A little deeper, if you own an SUV.
Most consumers think the cost of owning a car is simply the amount of their monthly payment to the lending institution. But AAA says that's only part of what it takes to operate a vehicle.
In its annual study on nationwide vehicle costs, AAA found that motorists spend an average of 64.2 cents a mile, or $6,420 a year, for 10,000 miles of motoring in a 2003 model car, up from 62.3 cents a mile, or $6,230 a year, for an '02.
On average, drivers in the U.S. put about 15,000 miles a year on their vehicles, even in freeway-filled Southern California.
According to the study, in 2003 it will cost you 55.3 cents a mile for a compact car, 62.1 cents for a mid-size car and 75.2 cents for a full-size 2003. That's up from 53.4 cents, 60 cents and 73.6 cents, respectively.
Although an increase of a few cents a mile doesn't seem like much, consider that over 10,000 miles of driving, that's $5,530 in '03, up $190 from $5,340 in '02, just to operate a compact car such as a Chevrolet Cavalier.
The cost to operate a mid-size car such as a Ford Taurus rose to 62.1 cents a mile, or $6,210 a year, for '03, from 60 cents a mile, or $6,000 a year, for 2002, a $210 increase.
The cost to operate a full-size car such as a Mercury Grand Marquis rose to 75.2 cents a mile, or $7,520 a year, from 73.6 cents a mile, or $7,360 a year, a $160 increase.
The costs were actually higher because the AAA study was done when gasoline averaged $1.46 a gallon in '03 and $1.19 a gallon in '02.
As for those who switched to sport utility vehicles, according to the study a mid-size SUV, such as a Chevy TrailBlazer, cost 65.4 cents a mile, or $6,540 a year, to operate in '03, up from 63.5 cents a mile, or $6,350 a year, for a 2002 model, a $190 increase.
The study calculated the cost for a two-wheel-drive vehicle, not a less fuel-efficient four-wheel-drive model.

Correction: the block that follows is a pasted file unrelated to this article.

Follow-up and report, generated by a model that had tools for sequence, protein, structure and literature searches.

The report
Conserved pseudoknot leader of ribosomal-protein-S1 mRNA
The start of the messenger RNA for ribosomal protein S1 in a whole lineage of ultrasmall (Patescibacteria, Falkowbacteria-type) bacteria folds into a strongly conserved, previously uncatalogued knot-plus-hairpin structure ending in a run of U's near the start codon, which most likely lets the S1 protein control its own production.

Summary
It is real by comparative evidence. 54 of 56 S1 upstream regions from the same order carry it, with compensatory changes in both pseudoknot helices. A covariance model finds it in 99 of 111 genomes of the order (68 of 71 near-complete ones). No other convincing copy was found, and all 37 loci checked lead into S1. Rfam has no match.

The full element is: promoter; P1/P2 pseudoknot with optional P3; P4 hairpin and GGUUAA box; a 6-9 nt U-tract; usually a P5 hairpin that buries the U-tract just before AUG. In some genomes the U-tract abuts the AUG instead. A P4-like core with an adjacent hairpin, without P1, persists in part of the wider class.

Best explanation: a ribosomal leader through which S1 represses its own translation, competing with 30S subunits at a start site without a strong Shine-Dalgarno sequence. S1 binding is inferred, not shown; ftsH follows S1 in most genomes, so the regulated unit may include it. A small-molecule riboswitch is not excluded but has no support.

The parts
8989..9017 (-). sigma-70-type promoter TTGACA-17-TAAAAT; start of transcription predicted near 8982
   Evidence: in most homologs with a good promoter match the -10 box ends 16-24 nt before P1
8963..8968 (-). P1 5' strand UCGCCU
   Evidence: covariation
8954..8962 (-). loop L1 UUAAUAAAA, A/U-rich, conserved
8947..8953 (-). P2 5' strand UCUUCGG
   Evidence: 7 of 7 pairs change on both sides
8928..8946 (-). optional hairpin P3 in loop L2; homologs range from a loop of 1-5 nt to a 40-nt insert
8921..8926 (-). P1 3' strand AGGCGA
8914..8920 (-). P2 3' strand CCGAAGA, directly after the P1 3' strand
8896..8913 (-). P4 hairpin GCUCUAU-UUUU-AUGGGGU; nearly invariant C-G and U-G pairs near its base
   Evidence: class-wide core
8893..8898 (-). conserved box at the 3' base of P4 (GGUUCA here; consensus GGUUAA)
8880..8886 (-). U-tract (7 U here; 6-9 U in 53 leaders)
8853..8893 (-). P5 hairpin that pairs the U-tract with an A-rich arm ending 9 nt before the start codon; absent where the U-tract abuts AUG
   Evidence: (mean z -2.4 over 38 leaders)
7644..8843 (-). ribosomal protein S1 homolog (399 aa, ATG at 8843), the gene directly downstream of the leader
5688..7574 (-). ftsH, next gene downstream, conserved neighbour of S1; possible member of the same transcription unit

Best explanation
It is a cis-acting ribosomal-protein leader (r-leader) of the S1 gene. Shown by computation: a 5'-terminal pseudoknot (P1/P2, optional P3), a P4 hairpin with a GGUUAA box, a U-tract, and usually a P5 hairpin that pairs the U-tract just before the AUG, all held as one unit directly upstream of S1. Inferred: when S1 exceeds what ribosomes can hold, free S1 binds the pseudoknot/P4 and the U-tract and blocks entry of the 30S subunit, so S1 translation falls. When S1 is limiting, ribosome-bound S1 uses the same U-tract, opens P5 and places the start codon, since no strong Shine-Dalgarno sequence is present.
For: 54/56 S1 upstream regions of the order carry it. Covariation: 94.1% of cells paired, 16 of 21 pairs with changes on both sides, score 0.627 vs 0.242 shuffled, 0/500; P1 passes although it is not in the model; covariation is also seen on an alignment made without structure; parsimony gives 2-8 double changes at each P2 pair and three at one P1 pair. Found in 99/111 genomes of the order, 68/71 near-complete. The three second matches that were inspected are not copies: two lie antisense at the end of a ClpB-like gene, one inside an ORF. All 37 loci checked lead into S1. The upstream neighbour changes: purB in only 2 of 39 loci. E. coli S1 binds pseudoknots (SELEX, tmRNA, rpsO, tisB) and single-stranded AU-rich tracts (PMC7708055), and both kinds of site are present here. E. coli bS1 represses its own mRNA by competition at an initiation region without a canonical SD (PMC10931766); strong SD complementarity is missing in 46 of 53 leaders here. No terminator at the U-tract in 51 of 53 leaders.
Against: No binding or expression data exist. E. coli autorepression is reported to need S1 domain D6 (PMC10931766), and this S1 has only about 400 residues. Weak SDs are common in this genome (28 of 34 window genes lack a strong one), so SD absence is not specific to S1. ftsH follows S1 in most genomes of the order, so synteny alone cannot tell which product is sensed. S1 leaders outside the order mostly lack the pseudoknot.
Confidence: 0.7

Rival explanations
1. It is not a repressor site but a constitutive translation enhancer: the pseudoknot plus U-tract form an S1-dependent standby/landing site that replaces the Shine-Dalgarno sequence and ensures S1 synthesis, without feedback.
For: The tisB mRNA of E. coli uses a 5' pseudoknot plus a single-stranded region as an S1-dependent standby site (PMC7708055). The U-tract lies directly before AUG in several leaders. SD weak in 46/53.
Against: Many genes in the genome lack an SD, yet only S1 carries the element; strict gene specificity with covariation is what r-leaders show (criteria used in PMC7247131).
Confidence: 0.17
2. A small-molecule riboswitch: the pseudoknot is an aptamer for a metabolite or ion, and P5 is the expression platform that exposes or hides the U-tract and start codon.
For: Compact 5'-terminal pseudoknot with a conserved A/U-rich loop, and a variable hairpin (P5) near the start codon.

The cost to operate a mid-size SUV is $330 more than for a mid-size car, but $980 less than for a full-size car. The AAA study surveyed costs for just a mid-size SUV, so Lee Czarapata, vice president of business vehicle services for Runzheimer International, the management consulting firm that conducts the AAA survey, was asked to calculate the cost for a full-size sport ute. He did so for a GMC Yukon with a V-8 engine. The result: 78.64 cents a mile, or $7,864 a year, to own a 2003 model.
As for vans such as a Dodge Caravan, the cost is 59.7 cents a mile, or $5,970 a year for '03, up from 57.6 cents, or $5,760 a year, for '02, a $210 increase.
Costs take into account gas, oil, maintenance and tires as well as insurance, depreciation, finance charges, title, registration and license plates. However, tolls and parking fees, two major daily expenses, are not taken into account.
Although gas prices were higher last year, interest rates declined and that reduced financing charges.
For example, in 2002 the finance charge on a four-year loan at 8.5% on a Taurus was $842, but in '03 the charge was $751 on the same loan at 7.5%. And those who took advantage of zero-percent financing saved even more.
But the savings on financing were wiped out by higher insurance costs, which reflect the increase in new-car prices for '03 from '02. On that Taurus, for example, comprehensive coverage rose to $191 annually from $144, collision rose to $386 from $321 and bodily injury/property damage increased to $498 from $484.
AAA has conducted a vehicle ownership cost study each year since 1950, when the national average for all vehicles regardless of size was 9 cents a mile, or $900 a year, and the average price of gasoline was 27 cents a gallon.